Common Mistakes Made By Freelancers

Clipart image of a computer with a 404 error Navigating the world of freelance work can be difficult—there aren’t really any rules or official guidelines for it. So, more often than not, freelancers will find themselves tripping up over small (or large) mistakes. If you want to be really successful as a CAD freelancer, you need to learn from your mistakes—check out a few of the most common ones below.

Charging clients too little

You don’t have the benefits of full-time employment anymore, so you need to take into consideration holidays, sick days and extra expenses. You (quite literally) cannot afford to charge too little for your work.

Taking on too many clients

With the lack of security in freelance work, it’s easy to feel pressured into taking on too many clients. But that doesn’t mean you should—it can lead to low-quality work and missed deadlines. The important thing is to build up a solid client base. 

Taking deadlines as guidelines

Especially when starting out, you can’t afford to miss deadlines, even if it’s just by an hour or a day. Your client is depending on you to get the job done in the chosen time frame—if you miss it, you look unprofessional, and the client will likely never return.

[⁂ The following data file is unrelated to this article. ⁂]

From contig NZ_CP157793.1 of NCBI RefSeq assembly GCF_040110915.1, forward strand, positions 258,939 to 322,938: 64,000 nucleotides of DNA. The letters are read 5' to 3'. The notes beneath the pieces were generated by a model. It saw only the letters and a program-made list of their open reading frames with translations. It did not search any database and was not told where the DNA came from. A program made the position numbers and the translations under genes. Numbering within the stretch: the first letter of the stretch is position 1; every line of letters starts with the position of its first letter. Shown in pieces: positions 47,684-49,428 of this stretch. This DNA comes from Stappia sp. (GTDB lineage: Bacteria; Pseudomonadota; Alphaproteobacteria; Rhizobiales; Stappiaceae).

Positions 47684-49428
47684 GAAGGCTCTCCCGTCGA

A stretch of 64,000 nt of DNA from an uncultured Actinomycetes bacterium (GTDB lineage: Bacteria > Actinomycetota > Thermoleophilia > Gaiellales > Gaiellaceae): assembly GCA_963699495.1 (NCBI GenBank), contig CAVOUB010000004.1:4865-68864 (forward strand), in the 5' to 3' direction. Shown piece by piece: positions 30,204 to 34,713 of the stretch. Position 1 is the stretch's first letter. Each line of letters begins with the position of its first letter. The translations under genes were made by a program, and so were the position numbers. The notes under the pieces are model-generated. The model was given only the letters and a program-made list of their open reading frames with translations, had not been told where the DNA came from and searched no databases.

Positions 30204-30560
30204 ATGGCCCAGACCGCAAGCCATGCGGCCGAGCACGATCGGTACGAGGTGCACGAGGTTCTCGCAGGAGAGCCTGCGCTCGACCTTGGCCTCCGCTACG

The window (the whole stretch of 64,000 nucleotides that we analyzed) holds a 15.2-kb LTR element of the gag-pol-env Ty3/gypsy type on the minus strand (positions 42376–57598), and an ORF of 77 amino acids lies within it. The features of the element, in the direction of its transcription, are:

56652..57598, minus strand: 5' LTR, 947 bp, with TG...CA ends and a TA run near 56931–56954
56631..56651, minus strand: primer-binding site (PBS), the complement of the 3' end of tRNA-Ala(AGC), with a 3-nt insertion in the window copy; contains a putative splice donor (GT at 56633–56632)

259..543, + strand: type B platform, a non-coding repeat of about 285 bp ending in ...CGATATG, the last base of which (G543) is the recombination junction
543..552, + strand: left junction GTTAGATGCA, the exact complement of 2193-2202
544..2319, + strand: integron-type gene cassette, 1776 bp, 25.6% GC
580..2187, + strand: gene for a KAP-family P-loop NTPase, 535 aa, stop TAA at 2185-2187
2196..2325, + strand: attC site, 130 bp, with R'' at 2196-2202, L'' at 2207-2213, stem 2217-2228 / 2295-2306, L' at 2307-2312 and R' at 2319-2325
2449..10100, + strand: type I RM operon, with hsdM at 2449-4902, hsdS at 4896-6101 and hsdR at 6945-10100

Not maintaining a client base/network

It doesn’t matter if you haven’t worked with a particular client in months—send them an email, and see if they have any work for you. Creating and maintaining strong relationships is a vital aspect to freelancing.

Not creating terms and conditions

Your client will have terms and conditions, and so should you—whether it’s your payment preference, or your conditions regarding out-of-hours phone calls. This will prevent any issues along the way should your client prove to be difficult.

Increase Your Chances of Success

Clipart image arrow moving upwards In addition to avoiding the above mistakes, there are steps you can take to increase your likelihood of success. You have to remember that you need to put in hard work and effort to succeed in any job—especially in freelance work.